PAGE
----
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Too Hot to Trot?

The Role of Exercise in Homeostasis



Co Authors:

Ashley E. Rhodes
Division of Biology
Kansas State University
aek6613@ksu.edu

Timothy G. Rozell
Animal Sciences and Industry
Kansas State University
trozell@k-state.edu

Abstract:

This interrupted case study looks at heat stress through the eyes of “Nelly,” a chatty, country Holstein. Although focusing on dairy cattle, the case can be used to teach the physiology of body temperature regulation in any number of homeothermic animals and the added challenges posed by larger body sizes and increasing environmental temperatures. Such challenges typically affect livestock, wildlife and even zoo animals. The physiological concepts discussed are thus related to difficulties faced by larger animals in hotter climates and include homeostasis of body temperature and feedback mechanisms that regulate body temperature. The case also explores the potential benefits of exercise as a means to improve thermoregulation, and describes the physiological changes that occur in response to exercise, ultimately tying physiological concepts back to specific mechanisms of homeostasis of body temperature. The case is ideally suited to students in intermediate physiology or biology courses who have completed at least a general biology or similar course in the recent past.

Objectives:
  • Describe physiological acclimations to increased environmental temperatures.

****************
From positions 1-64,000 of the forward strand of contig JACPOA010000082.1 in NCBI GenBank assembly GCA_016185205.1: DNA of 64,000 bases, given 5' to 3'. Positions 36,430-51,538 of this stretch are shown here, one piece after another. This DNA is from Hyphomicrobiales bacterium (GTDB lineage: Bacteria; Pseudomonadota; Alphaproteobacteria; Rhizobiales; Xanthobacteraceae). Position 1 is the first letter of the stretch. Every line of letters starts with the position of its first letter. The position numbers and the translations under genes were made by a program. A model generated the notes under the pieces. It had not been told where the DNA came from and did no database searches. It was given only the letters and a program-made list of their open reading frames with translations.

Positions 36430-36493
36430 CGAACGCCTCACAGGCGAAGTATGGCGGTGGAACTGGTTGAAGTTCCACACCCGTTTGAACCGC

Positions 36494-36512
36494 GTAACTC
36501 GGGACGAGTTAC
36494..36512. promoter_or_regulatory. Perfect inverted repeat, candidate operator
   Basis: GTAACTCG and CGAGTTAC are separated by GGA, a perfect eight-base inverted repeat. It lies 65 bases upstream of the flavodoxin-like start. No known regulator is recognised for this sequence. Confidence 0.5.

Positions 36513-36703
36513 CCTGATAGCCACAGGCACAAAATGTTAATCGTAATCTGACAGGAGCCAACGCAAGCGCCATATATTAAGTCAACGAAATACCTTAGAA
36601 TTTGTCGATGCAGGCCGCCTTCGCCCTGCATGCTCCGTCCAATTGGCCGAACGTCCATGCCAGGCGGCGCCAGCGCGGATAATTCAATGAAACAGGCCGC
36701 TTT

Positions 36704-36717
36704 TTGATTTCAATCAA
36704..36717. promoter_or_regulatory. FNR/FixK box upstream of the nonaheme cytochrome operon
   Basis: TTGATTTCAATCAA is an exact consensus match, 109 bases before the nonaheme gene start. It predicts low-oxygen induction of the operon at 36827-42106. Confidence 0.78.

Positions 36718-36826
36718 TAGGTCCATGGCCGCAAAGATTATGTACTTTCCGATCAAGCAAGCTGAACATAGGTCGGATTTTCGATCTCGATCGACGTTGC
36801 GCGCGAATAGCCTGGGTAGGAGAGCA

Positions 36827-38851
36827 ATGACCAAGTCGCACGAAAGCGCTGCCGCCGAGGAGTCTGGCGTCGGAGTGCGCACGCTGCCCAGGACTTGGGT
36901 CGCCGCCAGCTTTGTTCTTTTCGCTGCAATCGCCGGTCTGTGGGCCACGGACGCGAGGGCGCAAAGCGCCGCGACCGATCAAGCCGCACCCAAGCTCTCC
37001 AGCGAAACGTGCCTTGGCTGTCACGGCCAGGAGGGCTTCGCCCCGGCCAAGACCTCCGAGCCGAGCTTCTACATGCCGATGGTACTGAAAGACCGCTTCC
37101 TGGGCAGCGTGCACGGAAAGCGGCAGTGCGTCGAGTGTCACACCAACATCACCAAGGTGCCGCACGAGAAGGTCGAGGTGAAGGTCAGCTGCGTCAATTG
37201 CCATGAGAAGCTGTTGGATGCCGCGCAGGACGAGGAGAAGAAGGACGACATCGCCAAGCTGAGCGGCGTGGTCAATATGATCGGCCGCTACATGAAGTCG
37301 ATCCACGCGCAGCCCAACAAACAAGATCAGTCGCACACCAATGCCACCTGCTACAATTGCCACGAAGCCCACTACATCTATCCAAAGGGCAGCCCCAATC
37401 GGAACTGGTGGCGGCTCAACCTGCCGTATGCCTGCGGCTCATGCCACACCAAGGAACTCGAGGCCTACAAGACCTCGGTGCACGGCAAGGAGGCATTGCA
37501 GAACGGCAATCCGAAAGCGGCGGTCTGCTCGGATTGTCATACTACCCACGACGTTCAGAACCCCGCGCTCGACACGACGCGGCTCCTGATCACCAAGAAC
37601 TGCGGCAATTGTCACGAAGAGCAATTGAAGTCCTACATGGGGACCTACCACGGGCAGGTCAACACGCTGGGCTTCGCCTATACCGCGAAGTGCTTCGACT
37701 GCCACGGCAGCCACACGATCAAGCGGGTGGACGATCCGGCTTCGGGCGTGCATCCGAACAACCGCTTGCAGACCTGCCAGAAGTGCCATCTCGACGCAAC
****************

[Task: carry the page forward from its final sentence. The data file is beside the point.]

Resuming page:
• Recognize the role that body size has on altering the surface area to internal volume ratio, and the impacts of this important parameter on temperature regulation.
  • Explain the role of the thermal neutral zone in energy expenditures by animals.
  • Complete and appraise components of homeostatic loops involved in thermoregulation.
  • Recognize the difference between temperature and heat.
  • Evaluate how different mechanisms of heat transfer are involved in physiological thermoregulation.
  • Relate vasculogenesis and angiogenesis to mechanisms of physiological acclimation caused by increased environmental temperatures.
  • Distinguish how physiological changes resulting from exercise should improve thermoregulatory efficiency.
Keywords: Thermoregulation; thermal neutral zone; homeostasis; regulated physiological variables; vascularization; feedback mechanisms; climate change; artificial selection; acclimatization;
Topical Area: N/A
Educational Level: Undergraduate upper division, Graduate
Formats: PDF
Type/Method: Interrupted
Language: English
Subject Headings: Anatomy   Agriculture   Environmental Science   Physiology  
Date Posted: 11/22/2019
Date Modified: N/A
Copyright: Copyright held by the National Center for Case Study Teaching in Science, University at Buffalo, State University of New York. Please see our usage guidelines, which outline our policy concerning permissible reproduction of this work.

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